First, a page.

A green roof is engineered to partially duplicate normal soil only without the depth. In normal soil the earth is deep but with a typical shallow green roof (aka extensive) the soil is no more than 6 inches at the very most.
You replicate an earthen environment using drainage mats and water retention mats so that on one hand the water drains and on the other hand the water is retained like it would into deep soil. You also alter the actual soil. It typically is called a growing medium instead of soil.
The Germans are the leaders in green roofs, arguably the leaders in green building overall, and they have spent a lot of time looking into the best composition of green roof growing medium.
Typically it is a mix of filler and nutrients. The filler usually also acts as a water retention material as well as being something very light. Volcanic rock works great but isn’t local unless you live in Hawaii or something. Expanded clay works really well too. Clay can retain a lot of water for its weight and releases it slowly over time.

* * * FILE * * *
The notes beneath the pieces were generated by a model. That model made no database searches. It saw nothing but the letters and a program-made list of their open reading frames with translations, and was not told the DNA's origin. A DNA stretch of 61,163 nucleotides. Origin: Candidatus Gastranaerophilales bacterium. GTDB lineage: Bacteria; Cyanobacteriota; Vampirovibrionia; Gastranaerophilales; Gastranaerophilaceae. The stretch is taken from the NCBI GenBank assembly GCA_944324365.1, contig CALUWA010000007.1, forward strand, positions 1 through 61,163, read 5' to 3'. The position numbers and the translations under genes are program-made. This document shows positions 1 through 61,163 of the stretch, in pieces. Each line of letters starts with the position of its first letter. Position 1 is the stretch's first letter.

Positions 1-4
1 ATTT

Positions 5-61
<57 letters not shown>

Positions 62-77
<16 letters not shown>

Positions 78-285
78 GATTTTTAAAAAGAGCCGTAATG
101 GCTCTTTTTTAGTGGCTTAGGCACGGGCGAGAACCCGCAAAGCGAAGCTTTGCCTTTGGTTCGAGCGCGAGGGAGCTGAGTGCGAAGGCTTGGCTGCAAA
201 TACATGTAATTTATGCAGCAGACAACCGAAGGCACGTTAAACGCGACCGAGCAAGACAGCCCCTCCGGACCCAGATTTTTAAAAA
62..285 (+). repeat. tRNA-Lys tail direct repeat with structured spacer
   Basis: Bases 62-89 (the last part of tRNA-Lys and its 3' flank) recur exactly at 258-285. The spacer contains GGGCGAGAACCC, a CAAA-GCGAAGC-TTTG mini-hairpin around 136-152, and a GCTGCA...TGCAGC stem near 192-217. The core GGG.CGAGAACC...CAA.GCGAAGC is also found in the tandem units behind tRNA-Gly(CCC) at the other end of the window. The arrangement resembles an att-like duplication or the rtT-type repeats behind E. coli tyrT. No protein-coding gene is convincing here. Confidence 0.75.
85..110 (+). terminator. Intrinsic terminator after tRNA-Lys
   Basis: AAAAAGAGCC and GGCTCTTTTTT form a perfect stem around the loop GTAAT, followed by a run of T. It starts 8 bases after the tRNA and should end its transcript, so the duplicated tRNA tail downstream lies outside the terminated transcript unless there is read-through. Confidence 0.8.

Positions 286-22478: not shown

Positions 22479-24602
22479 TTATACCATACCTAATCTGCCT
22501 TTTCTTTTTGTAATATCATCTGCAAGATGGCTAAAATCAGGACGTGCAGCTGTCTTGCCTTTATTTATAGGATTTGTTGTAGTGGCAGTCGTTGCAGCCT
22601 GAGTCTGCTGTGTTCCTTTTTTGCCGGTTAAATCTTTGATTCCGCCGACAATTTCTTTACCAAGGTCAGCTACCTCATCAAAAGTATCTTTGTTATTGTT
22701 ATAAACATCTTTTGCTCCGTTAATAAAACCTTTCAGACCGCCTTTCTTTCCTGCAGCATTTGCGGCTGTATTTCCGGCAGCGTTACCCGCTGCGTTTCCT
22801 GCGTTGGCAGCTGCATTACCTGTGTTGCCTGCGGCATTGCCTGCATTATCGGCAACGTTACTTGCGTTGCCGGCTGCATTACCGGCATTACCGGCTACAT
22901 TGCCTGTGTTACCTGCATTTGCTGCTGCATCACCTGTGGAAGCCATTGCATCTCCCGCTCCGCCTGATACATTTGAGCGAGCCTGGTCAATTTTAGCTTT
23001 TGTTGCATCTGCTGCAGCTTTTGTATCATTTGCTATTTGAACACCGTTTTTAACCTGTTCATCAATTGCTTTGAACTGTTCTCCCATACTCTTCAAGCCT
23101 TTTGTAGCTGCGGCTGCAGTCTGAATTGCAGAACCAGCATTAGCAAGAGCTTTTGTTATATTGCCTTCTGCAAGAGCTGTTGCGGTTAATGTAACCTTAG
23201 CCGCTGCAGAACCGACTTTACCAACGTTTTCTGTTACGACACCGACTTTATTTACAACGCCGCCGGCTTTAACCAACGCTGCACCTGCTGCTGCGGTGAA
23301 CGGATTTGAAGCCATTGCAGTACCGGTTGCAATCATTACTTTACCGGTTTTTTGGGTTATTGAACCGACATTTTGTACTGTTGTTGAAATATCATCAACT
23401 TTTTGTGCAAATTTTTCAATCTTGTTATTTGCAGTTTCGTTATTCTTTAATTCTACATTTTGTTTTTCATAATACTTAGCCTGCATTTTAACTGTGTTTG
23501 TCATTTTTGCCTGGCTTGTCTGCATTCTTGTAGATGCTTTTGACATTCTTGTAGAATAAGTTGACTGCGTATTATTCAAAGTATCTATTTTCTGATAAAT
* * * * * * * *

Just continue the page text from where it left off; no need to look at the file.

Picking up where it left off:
I’ve seen the filler be chopped up expanded polystyrene. Gaia Soil does this. That is a cool use of garbage and you can’t get lighter than foam! The foam doesn’t do well in winds though and I’ve seen neighboring back yards filled with little white foam pellets blown from the green roof. I also have some minor concerns about the foam pellets giving off toxins.
The nutrient is usually fertilizer. Eco Brooklyn is currently building a brownstone with composting toilets and I am excited to use the humanure for a green roof. We would water it with gray water. That would be taking urban green building to yet another revolutionary level! Just think of the thousands of gallons of sewage being turned into a lush and hygienic green roof!
In terms of composition about 80% expanded slate (clay) and 20% compost works well. Permatill has some great info on this. They provide growing medium.
Despite all this a green roof is not a normal earth plot and only certain plants will grow on it – namely shallow root plants ok with harsh weather.